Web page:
‘Evidently the time has come for us all to perish…’ the destitute man sighed. (74)
Poverty was a burning issue in the Warsaw of the second half of the nineteenth century. The city was flooded by immigrants and experienced a demographic boom, but it did not turn out to be the Promised Land for everyone. Dynamic economic growth and industrialisation were accompanied by pauperisation on one hand and the rising incomes of the bourgeoisie on the other. There were so many people roaming in the streets and yards, asking for alms, that Warsaw looked like a city seised by an army of paupers, wrote Prus in his weekly press columns Kroniki. As a matter of fact, the city declared war on this army. Its effects were ironically covered by Prus with these words: beggars are nervous. True, you may still see some gents kneeling in the street with little bowls in their hands; yes, you may, but they are not begging, they are just praying right there in the street and show the passers-by that it is them who are the owners of these bowls.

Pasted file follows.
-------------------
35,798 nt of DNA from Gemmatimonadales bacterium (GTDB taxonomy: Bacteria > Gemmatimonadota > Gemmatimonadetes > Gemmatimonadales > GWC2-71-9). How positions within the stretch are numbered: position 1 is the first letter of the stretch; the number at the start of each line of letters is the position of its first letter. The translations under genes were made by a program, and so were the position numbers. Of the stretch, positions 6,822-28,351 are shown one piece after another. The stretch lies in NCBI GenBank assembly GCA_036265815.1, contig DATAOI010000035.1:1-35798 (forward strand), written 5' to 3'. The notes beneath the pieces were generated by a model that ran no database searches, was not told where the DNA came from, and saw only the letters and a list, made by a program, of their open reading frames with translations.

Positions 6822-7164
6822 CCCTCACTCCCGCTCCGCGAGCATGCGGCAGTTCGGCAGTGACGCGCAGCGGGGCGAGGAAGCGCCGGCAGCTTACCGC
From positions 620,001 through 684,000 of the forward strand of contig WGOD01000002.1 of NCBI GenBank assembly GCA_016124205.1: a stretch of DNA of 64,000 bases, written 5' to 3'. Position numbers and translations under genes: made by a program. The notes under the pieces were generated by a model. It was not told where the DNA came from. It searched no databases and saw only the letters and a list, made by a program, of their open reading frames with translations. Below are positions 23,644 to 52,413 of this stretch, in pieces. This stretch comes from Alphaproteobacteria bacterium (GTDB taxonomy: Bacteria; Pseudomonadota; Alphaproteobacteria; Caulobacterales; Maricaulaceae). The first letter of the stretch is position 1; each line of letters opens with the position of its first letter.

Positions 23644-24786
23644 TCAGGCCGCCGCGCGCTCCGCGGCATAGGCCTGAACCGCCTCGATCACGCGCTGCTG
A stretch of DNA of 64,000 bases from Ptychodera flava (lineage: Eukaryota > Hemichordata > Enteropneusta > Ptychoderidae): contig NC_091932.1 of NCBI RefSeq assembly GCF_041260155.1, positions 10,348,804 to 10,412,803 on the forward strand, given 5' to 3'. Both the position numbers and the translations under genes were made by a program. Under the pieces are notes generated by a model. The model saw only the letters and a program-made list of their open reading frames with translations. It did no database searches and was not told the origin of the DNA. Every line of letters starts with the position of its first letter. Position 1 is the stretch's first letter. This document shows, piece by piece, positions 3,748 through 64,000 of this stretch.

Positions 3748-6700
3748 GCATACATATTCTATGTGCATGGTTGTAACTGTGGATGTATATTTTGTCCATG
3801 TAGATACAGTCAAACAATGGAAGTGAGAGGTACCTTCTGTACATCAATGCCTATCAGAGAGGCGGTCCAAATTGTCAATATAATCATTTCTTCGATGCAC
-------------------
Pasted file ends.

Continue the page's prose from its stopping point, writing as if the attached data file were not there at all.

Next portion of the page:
The Doll features some nameless beggars sitting by church doors, asking for the charity which God would repay to the charitable in the next world. There are also insolent loafers, drunkards, thieves, observed by Wokulski during his walk in Powiśle. But even this evocative kingdom of penury is plagued not only by the ruin most indolent and insolent, but also the ruin shamefaced that needs to be found and virtually imposed on with offers of help (as Prus puts it in Kroniki). The example of the latter is Wysocki, a cart driver whose horse has died. Having lost his horse, Wysocki can no longer work and support his family. When Wokulski asks him why he did not come to Rzecki to seek help, Wysocki replies: I dared not.
Wokulski helps Wysocki out. On seeing tears in the driver’s eyes, he reflects: How fortunate they are, all these people whose apathy is caused merely by hunger, and who only suffer from the cold. And how easy it is to make them happy! He himself is tormented by thoughts of Izabela. He cannot find his way to the source where he could quench his thirst and relieve his heartache.
In the social hierarchy, the poor are on the opposite end of the spectrum to the sated bourgeoisie and nobility. But it is precisely on their end that the real joys of life, truth and honesty can be found. Wokulski, who has tried to be a socialite, concludes that these poor and ignorant people are at the same time the most admirable material.
- B. Prus, Kroniki. Wybór. Vol. 1. 1875-1900, selected by S. Fita, Warsaw 1987.